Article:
Long-term regional trend and variability of mean sea level during the satellite altimetry era
Quang-Hung Luu, Qing Wu, Pavel Tkalich, Ge Chen

The rise and fall of mean sea level are non-uniform around the global oceans. Their long-term regional trend and variability are intimately linked to the fluctuations and changes in the climate system. In this study, geographical patterns of sea level change derived from altimetric data over the period 1993-2015 were partitioned into large-scale oscillations allied with prevailing climatic factors after an empirical orthogonal function analysis. Taking into account the El Niño–Southern Oscillation (ENSO) and the Pacific Decadal Oscillations (PDO), the sea level change deduced from the multiple regression showed a better estimate than the simple linear regression thanks to significantly larger coefficients of determination and narrower confidence intervals. Regional patterns associated with climatic factors varied greatly in different basins, notably in the eastern and western regions of the Pacific Ocean. The PDO exhibited a stronger impact on long-term spatial change in mean sea level than the ENSO in various parts of the Indian and Pacific Oceans, as well as of the subtropics and along the equator. Further improvements in the signal decomposition technique and physical understanding of the climate system are needed to better attain the signature of climatic factors on regional mean sea level.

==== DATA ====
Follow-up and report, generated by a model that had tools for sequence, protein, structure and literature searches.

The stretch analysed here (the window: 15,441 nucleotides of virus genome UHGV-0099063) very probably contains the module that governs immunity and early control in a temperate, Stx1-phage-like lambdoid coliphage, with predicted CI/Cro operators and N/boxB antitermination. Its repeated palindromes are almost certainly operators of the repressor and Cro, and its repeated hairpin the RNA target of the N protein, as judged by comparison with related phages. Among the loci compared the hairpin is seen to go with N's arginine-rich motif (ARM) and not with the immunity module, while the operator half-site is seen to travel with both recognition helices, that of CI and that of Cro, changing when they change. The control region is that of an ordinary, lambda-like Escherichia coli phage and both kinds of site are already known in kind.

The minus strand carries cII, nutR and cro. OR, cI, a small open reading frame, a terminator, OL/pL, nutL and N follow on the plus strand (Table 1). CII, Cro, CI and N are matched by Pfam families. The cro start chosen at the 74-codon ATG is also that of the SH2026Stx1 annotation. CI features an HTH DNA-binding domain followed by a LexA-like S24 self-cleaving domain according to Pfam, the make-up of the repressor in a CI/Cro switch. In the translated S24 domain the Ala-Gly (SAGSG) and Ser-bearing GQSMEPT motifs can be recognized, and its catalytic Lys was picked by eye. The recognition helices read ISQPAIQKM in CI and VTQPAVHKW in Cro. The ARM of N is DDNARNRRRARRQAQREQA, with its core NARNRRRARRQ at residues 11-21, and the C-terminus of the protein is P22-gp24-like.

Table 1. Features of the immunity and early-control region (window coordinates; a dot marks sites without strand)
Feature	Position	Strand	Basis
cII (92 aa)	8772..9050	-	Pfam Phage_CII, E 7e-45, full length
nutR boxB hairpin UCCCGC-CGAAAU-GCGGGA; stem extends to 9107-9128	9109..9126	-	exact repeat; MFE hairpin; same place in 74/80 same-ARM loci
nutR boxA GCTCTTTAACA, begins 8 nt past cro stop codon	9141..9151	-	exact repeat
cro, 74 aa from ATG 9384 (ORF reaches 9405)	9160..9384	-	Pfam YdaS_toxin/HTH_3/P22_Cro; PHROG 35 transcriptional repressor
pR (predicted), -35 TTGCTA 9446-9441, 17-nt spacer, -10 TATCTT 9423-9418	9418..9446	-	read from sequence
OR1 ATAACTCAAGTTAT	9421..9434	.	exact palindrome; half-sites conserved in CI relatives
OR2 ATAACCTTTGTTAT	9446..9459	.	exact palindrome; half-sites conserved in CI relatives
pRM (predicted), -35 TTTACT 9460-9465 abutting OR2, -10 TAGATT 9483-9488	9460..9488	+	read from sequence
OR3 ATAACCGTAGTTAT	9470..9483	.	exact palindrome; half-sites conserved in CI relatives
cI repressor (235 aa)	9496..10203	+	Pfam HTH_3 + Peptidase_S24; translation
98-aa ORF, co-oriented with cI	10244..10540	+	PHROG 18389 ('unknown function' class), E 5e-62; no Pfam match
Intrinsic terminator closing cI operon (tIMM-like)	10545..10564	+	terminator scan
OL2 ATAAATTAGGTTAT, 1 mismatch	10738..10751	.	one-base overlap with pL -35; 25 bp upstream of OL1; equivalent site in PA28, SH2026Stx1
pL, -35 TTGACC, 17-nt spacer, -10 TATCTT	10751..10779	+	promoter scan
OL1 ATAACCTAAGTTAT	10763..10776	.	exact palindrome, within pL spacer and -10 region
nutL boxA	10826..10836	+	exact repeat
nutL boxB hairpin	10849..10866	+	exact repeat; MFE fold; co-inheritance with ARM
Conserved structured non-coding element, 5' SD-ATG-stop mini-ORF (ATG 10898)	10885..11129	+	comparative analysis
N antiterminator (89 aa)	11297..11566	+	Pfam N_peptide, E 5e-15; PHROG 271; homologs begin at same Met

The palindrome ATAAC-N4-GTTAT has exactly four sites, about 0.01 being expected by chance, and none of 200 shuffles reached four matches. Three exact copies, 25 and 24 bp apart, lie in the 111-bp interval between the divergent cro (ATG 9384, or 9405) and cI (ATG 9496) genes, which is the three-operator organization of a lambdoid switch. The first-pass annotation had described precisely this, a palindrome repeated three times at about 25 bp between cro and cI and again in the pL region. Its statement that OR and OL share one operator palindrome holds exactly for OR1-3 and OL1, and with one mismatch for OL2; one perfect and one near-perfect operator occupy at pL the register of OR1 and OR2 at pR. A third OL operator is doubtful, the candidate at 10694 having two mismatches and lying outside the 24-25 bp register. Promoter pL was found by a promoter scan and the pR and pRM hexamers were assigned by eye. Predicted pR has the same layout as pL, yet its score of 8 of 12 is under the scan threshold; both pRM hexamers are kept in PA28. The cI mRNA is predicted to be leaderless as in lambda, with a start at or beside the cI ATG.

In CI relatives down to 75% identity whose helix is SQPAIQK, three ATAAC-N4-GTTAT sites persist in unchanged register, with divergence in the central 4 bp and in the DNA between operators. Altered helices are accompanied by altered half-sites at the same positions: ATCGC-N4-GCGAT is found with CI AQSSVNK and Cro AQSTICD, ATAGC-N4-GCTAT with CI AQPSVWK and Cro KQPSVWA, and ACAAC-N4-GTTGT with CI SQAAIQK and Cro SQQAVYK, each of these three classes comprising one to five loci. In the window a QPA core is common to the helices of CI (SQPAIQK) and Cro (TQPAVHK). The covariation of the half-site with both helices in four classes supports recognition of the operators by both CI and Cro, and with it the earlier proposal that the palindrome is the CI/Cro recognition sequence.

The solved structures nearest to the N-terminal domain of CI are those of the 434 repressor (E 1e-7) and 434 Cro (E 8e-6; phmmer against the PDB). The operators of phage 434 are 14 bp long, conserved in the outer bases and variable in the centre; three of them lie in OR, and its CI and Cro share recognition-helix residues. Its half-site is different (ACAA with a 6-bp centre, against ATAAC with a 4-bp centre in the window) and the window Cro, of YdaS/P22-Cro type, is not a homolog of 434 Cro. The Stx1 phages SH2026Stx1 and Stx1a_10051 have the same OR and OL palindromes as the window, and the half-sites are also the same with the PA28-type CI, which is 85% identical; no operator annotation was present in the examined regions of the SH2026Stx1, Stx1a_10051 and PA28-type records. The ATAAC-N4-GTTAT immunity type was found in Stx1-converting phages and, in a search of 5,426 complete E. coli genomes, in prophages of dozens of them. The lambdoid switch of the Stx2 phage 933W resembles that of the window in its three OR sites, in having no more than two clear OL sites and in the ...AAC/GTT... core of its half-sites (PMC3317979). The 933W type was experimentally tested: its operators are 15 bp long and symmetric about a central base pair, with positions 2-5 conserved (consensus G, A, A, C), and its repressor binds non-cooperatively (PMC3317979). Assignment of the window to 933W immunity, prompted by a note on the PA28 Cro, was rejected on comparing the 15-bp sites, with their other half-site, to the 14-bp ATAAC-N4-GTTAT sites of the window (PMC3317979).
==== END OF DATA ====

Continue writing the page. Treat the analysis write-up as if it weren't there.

Keywords: regional sea level trend; sea level rise; climate variability; El Niño-Southern Oscillation; Pacific Decadal Oscillations
Contents of this volume Sci. Mar. 83(2) : 111-120 Back PDF
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